What a story! Very dramatic. The mother of the bride was carried out on a stretcher. Grimacing and waving cheerily to her guests, she was borne aloft to the waiting ambulance like a politely prone Queen Elizabeth -- right down to the matronly handbag, though without the white gloves. Wait, she forgot her purse! Someone placed it helpfully atop my stomach.

Most likely the meniscus, said the men in the white coats.

The what?

* * *

Who could have guessed -- certainly not I! -- that life as I knew it had been secretly predicated, all along, upon a small disc of something-or-other which had never made its presence known. I’d never even heard its name. Could a left lateral meniscal tear really occupy such a prominent place in the proper functioning of the universe? For with my knee no longer there to support the weight of myself, I’d turned all at once into somebody else.

One would think that plenty of other body parts are more important than some little half-circle smudge of cartilaginous tissue, but a tiny perforation in that padding, which keeps two bones of the joint from chafing against each other, had felled a once-mighty mother and grandmother -- a human being who once upon a time could board and disembark from buses with nary a thought, try on too-small gowns one after the other for hours on end, stand in line impatiently at the post office to mail invitations, sit upright on a chair making Important Calls About Bylines... walk all by herself to the supermarket to pick up a bag of milk, as the spirit moved her, or jour[k]nee from sink to refrigerator to washing machine a hundred times a day...without assistance! This power-house, this Wonder-Woman, had in the twinkling of an eye been transformed. In a matter of seconds she’d been catapulted to the other side of the world.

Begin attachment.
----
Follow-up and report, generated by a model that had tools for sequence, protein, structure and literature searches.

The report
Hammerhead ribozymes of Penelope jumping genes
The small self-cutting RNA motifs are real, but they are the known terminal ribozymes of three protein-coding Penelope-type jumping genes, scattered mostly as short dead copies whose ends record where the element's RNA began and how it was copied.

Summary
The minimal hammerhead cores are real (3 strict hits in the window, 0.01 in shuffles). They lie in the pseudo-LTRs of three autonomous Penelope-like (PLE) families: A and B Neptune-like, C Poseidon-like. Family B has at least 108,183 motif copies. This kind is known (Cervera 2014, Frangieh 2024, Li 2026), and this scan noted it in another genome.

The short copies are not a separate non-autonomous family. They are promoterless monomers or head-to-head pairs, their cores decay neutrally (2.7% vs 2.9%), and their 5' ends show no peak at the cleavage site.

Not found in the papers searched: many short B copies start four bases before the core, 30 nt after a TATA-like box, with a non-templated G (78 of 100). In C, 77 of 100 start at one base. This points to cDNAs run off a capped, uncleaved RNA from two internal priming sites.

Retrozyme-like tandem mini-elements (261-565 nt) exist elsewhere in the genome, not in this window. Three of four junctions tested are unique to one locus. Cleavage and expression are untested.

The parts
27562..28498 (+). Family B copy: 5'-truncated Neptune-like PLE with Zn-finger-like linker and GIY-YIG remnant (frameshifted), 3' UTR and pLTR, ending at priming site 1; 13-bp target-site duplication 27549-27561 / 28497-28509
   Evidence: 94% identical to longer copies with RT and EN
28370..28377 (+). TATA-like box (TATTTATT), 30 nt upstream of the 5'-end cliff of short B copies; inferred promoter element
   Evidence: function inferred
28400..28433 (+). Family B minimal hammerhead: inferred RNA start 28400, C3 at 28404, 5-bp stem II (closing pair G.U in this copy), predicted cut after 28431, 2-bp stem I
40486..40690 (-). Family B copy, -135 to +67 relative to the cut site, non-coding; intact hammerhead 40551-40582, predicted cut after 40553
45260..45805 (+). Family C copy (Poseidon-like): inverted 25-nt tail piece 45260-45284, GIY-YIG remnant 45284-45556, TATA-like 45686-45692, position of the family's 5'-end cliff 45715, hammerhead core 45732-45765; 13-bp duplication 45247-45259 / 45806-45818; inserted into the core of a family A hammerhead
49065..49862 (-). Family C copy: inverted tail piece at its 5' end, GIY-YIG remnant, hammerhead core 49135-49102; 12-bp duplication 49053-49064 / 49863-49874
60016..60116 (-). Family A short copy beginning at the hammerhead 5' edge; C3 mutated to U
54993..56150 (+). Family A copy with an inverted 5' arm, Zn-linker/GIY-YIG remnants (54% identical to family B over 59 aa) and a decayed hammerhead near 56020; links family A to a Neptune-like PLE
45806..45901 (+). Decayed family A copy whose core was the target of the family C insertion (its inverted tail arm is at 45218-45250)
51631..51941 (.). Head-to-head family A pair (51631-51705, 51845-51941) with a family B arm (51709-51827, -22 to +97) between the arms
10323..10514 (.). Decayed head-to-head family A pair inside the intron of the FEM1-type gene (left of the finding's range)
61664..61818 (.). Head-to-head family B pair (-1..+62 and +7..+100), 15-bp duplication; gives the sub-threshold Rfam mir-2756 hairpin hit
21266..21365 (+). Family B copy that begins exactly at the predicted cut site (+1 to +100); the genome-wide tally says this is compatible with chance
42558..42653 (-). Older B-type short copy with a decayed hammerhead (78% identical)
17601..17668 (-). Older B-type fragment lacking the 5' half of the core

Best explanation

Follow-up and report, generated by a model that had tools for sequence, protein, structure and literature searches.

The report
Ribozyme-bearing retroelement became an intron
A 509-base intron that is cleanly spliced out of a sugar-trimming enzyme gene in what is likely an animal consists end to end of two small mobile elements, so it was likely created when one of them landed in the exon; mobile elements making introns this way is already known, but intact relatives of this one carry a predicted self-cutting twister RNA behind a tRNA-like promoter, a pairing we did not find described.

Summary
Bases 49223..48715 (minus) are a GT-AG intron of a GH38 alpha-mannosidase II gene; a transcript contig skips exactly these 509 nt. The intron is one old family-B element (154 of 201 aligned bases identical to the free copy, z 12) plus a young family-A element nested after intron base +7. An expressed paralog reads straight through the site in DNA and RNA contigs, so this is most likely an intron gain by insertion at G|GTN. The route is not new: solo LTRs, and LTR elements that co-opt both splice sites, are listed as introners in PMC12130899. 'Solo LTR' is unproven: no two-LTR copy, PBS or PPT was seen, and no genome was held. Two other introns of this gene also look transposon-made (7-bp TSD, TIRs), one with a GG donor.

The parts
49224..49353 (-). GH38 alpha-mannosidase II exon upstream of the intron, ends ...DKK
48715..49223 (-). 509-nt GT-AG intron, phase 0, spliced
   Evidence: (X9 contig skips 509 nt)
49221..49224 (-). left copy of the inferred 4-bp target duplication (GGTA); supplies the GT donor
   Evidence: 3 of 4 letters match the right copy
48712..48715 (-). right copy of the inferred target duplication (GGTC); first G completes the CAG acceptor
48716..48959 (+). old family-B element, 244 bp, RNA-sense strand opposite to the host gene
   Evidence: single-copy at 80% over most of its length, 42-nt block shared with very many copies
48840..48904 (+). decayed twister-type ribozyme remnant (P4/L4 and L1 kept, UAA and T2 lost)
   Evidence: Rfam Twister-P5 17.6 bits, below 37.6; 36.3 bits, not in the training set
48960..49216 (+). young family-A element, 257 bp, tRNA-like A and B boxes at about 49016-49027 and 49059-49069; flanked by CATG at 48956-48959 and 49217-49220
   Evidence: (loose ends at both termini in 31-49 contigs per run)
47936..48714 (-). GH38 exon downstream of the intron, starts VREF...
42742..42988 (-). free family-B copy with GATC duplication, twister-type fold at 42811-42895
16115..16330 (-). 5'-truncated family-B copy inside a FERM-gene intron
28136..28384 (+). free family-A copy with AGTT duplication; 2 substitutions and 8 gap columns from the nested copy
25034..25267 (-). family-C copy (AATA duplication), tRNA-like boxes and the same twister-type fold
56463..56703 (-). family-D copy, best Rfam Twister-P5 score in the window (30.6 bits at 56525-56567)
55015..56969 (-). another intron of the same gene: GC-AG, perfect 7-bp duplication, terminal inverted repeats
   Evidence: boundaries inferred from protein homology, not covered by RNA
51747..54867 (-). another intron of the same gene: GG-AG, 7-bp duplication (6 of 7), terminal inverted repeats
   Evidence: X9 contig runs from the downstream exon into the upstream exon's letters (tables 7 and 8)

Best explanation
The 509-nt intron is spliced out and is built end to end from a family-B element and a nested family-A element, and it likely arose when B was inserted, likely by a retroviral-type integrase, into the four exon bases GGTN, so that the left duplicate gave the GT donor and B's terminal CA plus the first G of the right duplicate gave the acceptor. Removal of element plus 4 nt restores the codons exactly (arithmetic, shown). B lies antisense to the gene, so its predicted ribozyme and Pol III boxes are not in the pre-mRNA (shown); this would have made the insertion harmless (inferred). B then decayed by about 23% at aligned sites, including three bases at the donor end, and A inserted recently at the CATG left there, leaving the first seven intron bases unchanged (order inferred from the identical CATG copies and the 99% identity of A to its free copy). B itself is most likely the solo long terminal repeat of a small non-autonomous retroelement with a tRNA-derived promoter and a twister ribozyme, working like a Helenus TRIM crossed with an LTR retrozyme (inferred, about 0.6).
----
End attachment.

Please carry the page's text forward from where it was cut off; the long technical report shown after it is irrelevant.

She got an early intimation of her new circumstances when -- flat on her back in the emergency room – she realized that she’d like to visit the Ladies Room.

With amazement and embarrassment, she cringed to see this morphing into an issue for vocal public consultations, as increasing numbers of people joined in on the negotiations surrounding the gala event.

This was merely a preliminary glimpse, a preview of coming attractions. It was fun going to shevah brachot in a wheelchair, but very quickly thereafter, over the next two months, life became an increasingly empty blank, an interminable twilight in which nothing happened, and each and every detail of her simple physical needs became a big deal for everyone else. She couldn’t do anything by herself. She could not rise. She was a supplicant now, an apologetic receiver of favors, a dependent,

“Could you...I’m so sorry...Thank you so much!”

“Would you mind bringing me a...”

“I’m so sorry to bother you again, but could you please get me the...”

The body, that invisible magic carpet which with no hesitation had always taken her -- willingly, never balking -- out into the big wide world, was suddenly a clumsy, onerous barrier between her and her own life. How astounding, to see herself moving the way she’d always seen elderly people move, in their immeasurably far-off, far-removed foreign planet of old age! Lying in bed, unable to go, the inner eye seemed naturally to keep turning back, through the curtain of time... There was Mommy in the house in L.A., holding on to living room wall as she edged her way to the kitchen...and farther back, to childhood...her grandmother Fanny, white-haired and remote. And only a few months before...Lily! Her friend unable to sit up in the weeks before her death....

To be dependent on others for your most basic personal requirements is to constantly confront your deepest feelings about yourself.